There are a few other differences between the Honda and the Suzuki DF2.5.  The Suzuki has a shift lever, which allows you to manually shift between drive and neutral. The Honda has a centrifugal clutch.  At idle the prop doesn't turn.  Give it some gas and the prop starts turning.  This takes some getting used to, and can be potentially dangerous if you're not careful.  The normal starting throttle setting is about 1/4 throttle, which means the engine will always be "in gear" when it's started. Someone could easily get tossed overboard if they happen to be standing when the engine starts, or your boat can take off unexpectedly if not secured.  So be prepared.  This is one feature of the Honda that I do not like.  I'd much rather have a shift lever so I can safely start the motor in neutral.  On the other hand, the clutch makes docking more pleasant.  No need to fumble with a shift lever to switch out of gear when approaching a dock.  Just throttle down.

I had to modify my Duckworks motor mount to get the Honda to fit.  At first glance the two motors look identical in size and shape.

But there are differences.  The Suzuki is slightly larger, and longer.  The Suzuki measures about 17.5" from the top of the motor mount to the anti-cavitation plate and about 21" to the prop.  The Honda measures about 16.25" and 19.5".  It's odd that there's a difference.  I thought short shaft engines were a standard length.

In order to clear my transom, I have to turn the motor on its side when it's raised. The Honda can be turned on its side.  The Suzuki cannot, unless you remove the bracket that is designed to prevent you from doing so.
Remove this bracket to allow the Suzuki to be raised on its side
I had to adjust the height of my motor mount bracket to precisely the right spot to enable the motor to clear the transom and still reach the water.  The height is different for each engine.
Four stroke outboards can have issues when laid on their sides. It's commonly known that oil can get into the cylinder if you lay them on the wrong side.  My Honda, for instance, leaks gasoline from the carb.  That's because the carb is below the fuel tank when on its side.  Storing the engine on its side presents no problems, but bouncing around over waves opens and closes the float valve causing the leak. It leaks continuously with the engine shutoff valve open.  It leaks what's in the float chamber with the shutoff valve closed.  To prevent any leaks, I have to run the engine dry prior to raising it on its side.  It leaks oil too, from the starboard rear area of the case (through a crankcase breather port, I've been told).  I'm certain it wouldn't leak at all when raised normally.  The Suzuki on the other hand, never leaks, even when raised on its side.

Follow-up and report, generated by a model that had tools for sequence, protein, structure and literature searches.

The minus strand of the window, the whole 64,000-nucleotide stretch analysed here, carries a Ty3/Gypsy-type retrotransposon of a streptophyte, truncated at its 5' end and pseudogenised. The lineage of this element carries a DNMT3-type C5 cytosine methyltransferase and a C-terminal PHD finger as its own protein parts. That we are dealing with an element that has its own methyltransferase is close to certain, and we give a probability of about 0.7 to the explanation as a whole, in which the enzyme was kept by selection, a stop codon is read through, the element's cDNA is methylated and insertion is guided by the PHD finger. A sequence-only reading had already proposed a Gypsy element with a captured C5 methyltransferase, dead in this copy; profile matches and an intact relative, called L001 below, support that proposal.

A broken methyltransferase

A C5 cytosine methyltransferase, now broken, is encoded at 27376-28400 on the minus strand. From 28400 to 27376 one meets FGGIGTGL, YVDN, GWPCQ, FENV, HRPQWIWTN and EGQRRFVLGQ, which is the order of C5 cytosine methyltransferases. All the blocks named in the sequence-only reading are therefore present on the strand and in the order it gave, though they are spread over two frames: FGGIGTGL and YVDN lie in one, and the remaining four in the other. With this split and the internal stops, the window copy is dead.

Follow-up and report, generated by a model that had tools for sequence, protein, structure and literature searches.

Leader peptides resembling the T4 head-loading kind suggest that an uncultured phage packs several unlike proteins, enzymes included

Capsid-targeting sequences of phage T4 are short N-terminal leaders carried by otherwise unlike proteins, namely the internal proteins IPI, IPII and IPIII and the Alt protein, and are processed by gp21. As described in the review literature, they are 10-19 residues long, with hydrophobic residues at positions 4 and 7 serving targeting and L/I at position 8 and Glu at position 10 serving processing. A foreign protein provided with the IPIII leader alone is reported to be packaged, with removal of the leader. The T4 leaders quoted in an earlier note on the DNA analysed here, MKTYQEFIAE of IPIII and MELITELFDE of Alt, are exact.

[UPDATE July 2015: The solution to prevent fuel leaks on the Honda is to raise the motor on the "wrong" side (with the tiller handle down)  In doing so it does not leak oil or gas, nor does it have any ill effects.  This places the carb above the fuel tank, the crankcase breather on the top side (presumably) and the motor is not tilted far enough to allow oil to get into the cylinder.  Problem solved.]

Another concern I have about the Honda is how the power head is completely surrounded by ductwork.  I'm not sure how to rinse the saltwater off the engine when it's buried inside all this ducting.  There's no way of knowing what's corroding inside without removing the ductwork. This is not a problem on the Suzuki which had no ducts.

There are some other differences between these engines.  The Suzuki is noisy.  The Honda is noisier.  The Suzuki has an aluminum prop.  The Honda's is plastic.  I'll have to try and remember not to hit anything with it.  They both weigh about 30 lbs.  The Honda has a slightly bigger tank at 1.1 liters vs 1.0 liters. The Honda has a 5 yr warranty, the Suzuki has a 3 yr.  The Honda costs more.